Shoulder-and-neck-strain-syndrome (SNSS) has become the most common musculo-skeletal disorder of the upper body. It is also the most common cumulative trauma disorder encountered by the occupational medicine physician.
The symptoms range from a “tight neck" with or without headaches to severely
incapacitating neck, shoulder, arm, wrist and hand pain / weakness.
Before you reach the level of serious damage here is a quick tip that will save you a lot of pain.
Set yourself a timer for 20-30 minutes (trust me you WILL forget if you do not, time goes by quickly when you are busy). When the timer rings, take your gaze away from your work/ computer and focus on a point as far away as you possibly do it. Do a light stretch of your neck and shoulder, stand and do an overall stretch by making yourself as tall as possible, take a sip of water and go back to work. This entire process will take anywhere from 30-60 seconds. This will reduce the accumulation of stress on your body, eyes and brain. It will save you hours of time spent in a doctor’s office and a lot of pain, headaches and weaknesses.
Take a little time for yourself. Be responsible for your well being and health
Thursday, April 7, 2011
We all know that eating fast food is unhealthy but did you know that eating food fast is also unhealthy?
Eating too fast can be a major cause of indigestion and, according to at least one study, may increase the risk of heartburn or gastric reflux. A study conducted and presented at Digestive Disease Week showed that healthy volunteers who ate their meals in five minutes experienced more heartburn and acid reflux than those who consumed their meal during a more leisurely thirty minute time interval. If you have a tendency to experience heartburn after a meal, try to schedule at least thirty minutes for a meal. You just may find it improves your symptoms.
Eating too fast may also cause us to overeat. It takes about 20 minutes for our brains to register that we're full. If we eat fast, we can continue eating past the point where we're full. If we eat slowly, we have time to realize we're full, and stop on time.
Sitting down with family or friends and taking time to enjoy your food is good in so many ways. It will make you eat slower which we have already discussed the health benefits. It will make you laugh (I hope) and laughter is another effective way to aid the digestion process.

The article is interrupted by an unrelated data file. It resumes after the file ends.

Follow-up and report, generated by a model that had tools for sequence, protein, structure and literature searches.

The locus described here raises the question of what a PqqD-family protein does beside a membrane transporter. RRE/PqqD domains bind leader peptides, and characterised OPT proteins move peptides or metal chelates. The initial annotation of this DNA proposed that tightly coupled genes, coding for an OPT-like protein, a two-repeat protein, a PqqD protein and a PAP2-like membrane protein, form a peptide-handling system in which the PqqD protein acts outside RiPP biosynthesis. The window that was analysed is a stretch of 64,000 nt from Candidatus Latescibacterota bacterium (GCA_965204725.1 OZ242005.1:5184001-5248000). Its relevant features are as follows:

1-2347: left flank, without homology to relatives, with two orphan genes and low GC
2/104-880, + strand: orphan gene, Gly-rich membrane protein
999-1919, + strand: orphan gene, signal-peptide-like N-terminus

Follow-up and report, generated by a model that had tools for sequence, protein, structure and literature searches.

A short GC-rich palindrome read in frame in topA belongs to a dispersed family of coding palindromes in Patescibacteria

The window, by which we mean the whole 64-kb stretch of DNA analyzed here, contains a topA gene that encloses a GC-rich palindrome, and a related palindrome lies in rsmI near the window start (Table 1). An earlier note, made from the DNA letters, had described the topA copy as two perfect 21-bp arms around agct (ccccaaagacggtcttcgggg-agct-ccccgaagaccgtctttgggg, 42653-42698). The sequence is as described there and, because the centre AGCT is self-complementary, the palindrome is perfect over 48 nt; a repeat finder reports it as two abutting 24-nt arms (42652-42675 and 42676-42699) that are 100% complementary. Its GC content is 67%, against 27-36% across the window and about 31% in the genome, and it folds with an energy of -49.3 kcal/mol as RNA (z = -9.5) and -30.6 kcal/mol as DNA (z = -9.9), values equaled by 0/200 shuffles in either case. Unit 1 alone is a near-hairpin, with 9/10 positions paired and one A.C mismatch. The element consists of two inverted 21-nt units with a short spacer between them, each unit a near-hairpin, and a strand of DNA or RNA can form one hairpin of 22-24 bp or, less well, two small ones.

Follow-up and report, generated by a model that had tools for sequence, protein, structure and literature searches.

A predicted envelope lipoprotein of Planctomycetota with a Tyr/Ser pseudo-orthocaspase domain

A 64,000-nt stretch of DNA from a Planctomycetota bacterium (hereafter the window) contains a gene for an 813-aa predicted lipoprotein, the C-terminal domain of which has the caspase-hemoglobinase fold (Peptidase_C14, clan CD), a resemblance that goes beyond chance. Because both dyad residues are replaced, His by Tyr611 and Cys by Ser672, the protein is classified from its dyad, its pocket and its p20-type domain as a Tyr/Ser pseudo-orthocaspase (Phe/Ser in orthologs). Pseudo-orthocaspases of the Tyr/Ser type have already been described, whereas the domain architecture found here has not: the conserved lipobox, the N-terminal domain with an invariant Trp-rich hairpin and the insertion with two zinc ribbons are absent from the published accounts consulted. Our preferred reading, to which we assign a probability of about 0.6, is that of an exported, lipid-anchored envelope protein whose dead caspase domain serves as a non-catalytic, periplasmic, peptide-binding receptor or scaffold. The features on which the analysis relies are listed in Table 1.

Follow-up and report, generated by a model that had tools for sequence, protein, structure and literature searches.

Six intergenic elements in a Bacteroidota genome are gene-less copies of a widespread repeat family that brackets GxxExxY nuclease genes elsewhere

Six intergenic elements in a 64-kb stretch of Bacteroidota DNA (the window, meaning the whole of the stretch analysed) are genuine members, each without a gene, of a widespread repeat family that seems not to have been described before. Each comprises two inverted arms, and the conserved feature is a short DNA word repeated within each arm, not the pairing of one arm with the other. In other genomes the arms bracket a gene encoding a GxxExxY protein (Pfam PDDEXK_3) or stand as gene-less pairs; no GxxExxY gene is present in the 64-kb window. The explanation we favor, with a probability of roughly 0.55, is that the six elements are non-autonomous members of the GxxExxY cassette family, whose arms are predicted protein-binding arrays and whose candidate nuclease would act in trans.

Also studies have shown that by putting on slow background music it can make a person eat food at a slower rate
So slow down, enjoy your meal and give yourself a better chance to be healthy.
Wednesday, April 6, 2011
The reason for the above is that an animal's life style is far more active – we train for an hour and sit down for the rest of the day whereas animals hunt and run all day. Try to do something physical as often as you can – not just in the gym.
Tuesday, April 5, 2011
Contrary to popular belief, stretching before a workout does not appear to decrease the occurrence of injury. The risk of injury seems to be about equal for those who stretch and those who do not stretch before exercise. The warm-up, not stretching, seems to be the important deterrent for injury, performed before an exercise bout.
Although stretching does not seem to offer many short term benefits when performed before exercise, stretching does seem to offer other long term benefits. Improved flexibility may help prevent back and other orthopedic problems. Individuals with certain muscular imbalances or postural problems can benefits from stretching. Stretching can help maintain flexibility which may otherwise decline with age or inactivity due to an injury. Stretching may be more safely performed after dynamic exercise, when muscles are warm. Unless an activity requires extreme flexibility, stretching before is probably unnecessary. And even then, stretches should be performed before a warm up.
Stretching is not the same thing as warming up. Confusing stretching with warming up is an all-too-common mistake, so don't feel bad if you thought the two were one in the same. Warming up involves spending a few minutes doing lighter intensity activity that mimics your upcoming workout—walking before running, slow cycling before biking, light aerobics before a fitness class. That is a warm-up. It gives your body time to adjust to the higher demands of exercise so that your breathing rate, circulation and heart rate can all increase in order to supply your working muscles with the blood, nutrients and oxygen they need to keep things running smoothly. Warming up also helps lubricate your joints.
Stretching does not serve the same purposes and therefore does not pass for a warm-up. Stretching at the end of your workout, right after your cool down is best because your muscles and joints are much warmer and lubricated after a workout than they are before one , which means you'll get more out of your stretches at this time. And because your body is returning to a relaxed state, stretching after exercise is simply a feel-good way to end your workout.
Be smart, stay healthy.